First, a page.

Some 8,500 homes were repossessed in the second quarter of 2012, according to the Council of Mortgage Lenders, the lowest number since the final three months of 2010. The decline, from a total of 9,600 repossessions in the first quarter of the year, is welcome but the CML says it is sticking by its original forecast of 45,000 for the year – an increase on 2011 – because of the difficulties in the economy.
Mark Harris, chief executive of mortgage broker SPF Private Clients, says: ‘That repossessions are likely to rise for the year as a whole is depressingly predictable. Although interest rates are expected to remain at 0.5 per cent for the foreseeable future, a growing number of borrowers are still struggling. Mortgage rates continue to rise, despite the non-movement of base rate, with more than a million homeowners seeing an increase in mortgage rates in May, for example. Those with little or no equity in their homes don’t have the luxury of being able to remortgage onto a cheaper deal.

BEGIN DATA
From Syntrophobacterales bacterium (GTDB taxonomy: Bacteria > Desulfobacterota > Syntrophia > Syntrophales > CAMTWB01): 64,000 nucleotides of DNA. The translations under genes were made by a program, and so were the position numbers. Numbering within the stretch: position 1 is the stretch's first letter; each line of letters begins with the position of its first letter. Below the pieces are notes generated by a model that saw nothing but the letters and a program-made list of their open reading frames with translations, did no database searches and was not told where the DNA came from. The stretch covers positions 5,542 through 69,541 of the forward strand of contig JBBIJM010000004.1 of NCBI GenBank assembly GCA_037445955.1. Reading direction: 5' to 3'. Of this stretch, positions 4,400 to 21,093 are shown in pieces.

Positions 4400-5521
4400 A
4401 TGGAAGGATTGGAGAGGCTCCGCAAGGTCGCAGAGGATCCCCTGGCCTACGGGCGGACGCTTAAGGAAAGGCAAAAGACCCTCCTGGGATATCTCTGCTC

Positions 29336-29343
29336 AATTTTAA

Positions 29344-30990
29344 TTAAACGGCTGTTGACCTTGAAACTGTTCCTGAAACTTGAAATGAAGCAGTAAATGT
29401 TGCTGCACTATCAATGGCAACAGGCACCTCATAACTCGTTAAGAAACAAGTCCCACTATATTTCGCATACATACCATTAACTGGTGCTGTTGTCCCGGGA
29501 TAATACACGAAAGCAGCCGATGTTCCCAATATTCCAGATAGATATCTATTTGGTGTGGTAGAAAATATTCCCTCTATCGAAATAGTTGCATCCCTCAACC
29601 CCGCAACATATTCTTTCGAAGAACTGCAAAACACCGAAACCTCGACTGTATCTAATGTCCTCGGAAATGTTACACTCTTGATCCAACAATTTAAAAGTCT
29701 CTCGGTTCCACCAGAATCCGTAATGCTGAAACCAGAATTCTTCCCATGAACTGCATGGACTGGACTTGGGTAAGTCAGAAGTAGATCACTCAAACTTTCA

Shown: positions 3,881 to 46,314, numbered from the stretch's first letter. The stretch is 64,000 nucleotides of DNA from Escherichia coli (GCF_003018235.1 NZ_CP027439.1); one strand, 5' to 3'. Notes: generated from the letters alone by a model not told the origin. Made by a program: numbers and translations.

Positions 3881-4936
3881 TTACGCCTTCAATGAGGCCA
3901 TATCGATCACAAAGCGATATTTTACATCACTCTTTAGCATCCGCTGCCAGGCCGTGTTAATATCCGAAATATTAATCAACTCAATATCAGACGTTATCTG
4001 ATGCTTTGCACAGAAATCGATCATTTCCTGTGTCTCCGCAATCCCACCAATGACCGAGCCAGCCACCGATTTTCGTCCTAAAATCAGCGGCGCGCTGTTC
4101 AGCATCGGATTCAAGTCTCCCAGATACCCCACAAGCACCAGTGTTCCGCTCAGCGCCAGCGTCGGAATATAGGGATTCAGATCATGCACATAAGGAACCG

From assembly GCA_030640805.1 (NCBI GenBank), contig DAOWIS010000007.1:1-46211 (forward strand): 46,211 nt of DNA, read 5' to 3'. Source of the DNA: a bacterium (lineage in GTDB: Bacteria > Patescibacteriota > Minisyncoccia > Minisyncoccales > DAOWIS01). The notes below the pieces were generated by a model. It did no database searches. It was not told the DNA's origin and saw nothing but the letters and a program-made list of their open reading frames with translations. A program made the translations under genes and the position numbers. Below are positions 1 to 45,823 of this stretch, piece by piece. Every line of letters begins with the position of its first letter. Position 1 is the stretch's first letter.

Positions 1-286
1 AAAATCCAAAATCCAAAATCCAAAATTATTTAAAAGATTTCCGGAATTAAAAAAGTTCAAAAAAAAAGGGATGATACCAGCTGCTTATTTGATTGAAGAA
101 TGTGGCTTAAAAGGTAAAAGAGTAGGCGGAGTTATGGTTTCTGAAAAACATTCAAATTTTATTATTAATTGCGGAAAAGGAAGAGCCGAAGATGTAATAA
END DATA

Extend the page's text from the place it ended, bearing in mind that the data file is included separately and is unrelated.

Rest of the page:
‘More than ever, the mortgage market is divided into the haves and the have-nots. Although several lenders have introduced chart-topping five-year fixes at record lows, only those borrowers with sizeable deposits or similar levels of equity in their home can benefit. Those up against it and in danger of having their homes repossessed don’t have this equity cushion so can’t access these market-leading deals. Subsequently, an increasing number of homeowners are getting into difficulty paying their mortgage because they can’t afford the payments on top of high living costs, low wage rises, and in some cases, losing their jobs.
‘It is essential that lenders continue to show forbearance and look after customers who are struggling by switching them to interest only, allowing them to take payment holidays or extend their mortgage terms, where practical. Likewise, borrowers must seek help, preferably before they miss a payment, speaking to their lender or one of the specialist – and free – debt agencies, such as Citizens Advice Bureau.’